Inferno

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This review must open with the confession that i have yet to read any of the Robert Langdon novels. I have attempted to read The Da Vinci Code as well as Inferno, the literary source of todays film, but have quickly given up out of sheer boredom. The cinematic adaptations have largely induced a similar reaction in me. Although it must be said that Angels and Demons did provide a chuckle at just how farcical the plot was.

The third film in the series is based on the fourth novel in the Robert Langdon quadrilogy, i imagine the next film will be the search for the movie adaption of the third book, which appears to have been buried somewhere between the Holy Grail and the Ark of the Covonant. Inferno opens with public intellectual Bertrand Zobriest being pursued over the location of the eponymous virus Inferno, a plague which he created as a way of culling the over-populated planet, and the only person who can halt the deadly disease is cryptologist Robert Langdon. Unfortunatly Langdon is suffering from plot-convenient amnesia, this is a classic trope in which an undividual suffers severe memory-loss at moments when the plot requires it but is able to regain their memories at the precise point it is needed again. Langdon soon finds himself on a trail of clues related to the works of poet Dante Alighieri in a desperate attempt to contain the virus before it decimates the population.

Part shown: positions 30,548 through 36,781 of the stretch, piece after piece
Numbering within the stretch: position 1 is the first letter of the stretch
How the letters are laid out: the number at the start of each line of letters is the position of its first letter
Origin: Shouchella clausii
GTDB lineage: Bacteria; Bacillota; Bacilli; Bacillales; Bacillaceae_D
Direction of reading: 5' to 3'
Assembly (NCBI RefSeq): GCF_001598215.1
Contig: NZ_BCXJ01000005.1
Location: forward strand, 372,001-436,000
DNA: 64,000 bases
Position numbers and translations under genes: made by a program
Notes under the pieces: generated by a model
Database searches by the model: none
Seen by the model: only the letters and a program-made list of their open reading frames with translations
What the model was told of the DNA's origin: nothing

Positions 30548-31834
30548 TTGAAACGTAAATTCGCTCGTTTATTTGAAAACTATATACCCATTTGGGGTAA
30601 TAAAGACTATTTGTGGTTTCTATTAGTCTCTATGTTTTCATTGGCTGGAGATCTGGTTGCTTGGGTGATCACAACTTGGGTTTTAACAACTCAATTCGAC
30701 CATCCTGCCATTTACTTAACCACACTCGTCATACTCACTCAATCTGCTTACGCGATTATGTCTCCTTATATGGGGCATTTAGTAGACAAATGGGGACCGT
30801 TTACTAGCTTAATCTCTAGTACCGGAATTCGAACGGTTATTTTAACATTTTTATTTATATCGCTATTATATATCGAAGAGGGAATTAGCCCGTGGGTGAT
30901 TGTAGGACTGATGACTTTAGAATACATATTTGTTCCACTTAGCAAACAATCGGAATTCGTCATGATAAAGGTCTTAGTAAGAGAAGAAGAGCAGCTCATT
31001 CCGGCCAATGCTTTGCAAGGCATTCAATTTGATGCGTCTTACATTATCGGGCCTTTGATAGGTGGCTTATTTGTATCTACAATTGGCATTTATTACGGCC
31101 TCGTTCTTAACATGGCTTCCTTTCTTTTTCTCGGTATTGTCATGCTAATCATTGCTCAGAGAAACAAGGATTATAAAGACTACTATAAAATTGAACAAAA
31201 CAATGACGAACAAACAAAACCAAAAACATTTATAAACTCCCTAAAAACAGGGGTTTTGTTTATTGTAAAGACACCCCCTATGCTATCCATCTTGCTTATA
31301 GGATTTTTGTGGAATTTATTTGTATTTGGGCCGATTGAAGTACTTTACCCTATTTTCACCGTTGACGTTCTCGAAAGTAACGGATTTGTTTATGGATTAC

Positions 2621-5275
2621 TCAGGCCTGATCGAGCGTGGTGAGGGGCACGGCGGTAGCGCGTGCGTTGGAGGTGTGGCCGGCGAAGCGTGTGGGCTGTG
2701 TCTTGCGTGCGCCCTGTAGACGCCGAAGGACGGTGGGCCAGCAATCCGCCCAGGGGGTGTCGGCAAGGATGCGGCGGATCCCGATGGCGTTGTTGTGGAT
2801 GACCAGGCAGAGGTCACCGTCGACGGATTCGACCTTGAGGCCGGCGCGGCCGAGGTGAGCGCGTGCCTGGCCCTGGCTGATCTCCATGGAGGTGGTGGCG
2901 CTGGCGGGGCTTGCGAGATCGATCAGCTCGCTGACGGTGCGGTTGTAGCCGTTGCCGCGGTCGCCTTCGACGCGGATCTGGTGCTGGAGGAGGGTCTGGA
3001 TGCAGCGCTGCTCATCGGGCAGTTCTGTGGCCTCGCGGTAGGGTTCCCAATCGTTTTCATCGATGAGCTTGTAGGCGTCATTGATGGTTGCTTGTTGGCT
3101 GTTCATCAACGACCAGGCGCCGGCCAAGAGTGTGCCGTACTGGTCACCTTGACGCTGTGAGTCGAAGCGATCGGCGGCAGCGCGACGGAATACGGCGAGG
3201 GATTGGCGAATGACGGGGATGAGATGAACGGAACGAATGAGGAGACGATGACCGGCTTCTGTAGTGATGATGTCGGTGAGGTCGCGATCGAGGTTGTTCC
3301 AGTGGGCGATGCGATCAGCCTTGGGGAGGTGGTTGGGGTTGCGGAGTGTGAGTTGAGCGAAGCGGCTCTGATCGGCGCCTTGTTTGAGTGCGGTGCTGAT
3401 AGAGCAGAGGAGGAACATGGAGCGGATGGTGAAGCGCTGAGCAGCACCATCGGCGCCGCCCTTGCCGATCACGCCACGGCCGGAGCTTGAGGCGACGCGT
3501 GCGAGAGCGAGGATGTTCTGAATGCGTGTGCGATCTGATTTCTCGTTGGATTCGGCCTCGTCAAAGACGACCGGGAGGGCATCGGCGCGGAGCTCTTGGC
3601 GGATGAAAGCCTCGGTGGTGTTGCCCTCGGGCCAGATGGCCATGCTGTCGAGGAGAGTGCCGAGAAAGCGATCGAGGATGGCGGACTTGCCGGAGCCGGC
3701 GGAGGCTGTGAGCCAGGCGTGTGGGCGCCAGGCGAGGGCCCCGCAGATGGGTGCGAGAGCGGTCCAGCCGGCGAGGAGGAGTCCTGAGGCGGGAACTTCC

For a series that really needs to lighten up a bit, the real problem with Inferno is that it is preposterously serious in its tone. Instead of being a some-what serious adventure across the planet, the film bores us with random hallucinations of the suffering of hell-bound souls, the dangers of overpopulation, and a convoluted plot involving the WHO and private agencies. Regardless the film will no doubt make a huge profit, and i am certain that The Lost Symbol will be appearing in cinemas soon, but the third film in the series does little to improve over the tedious formula of the last two installments.

Rating: 1/5

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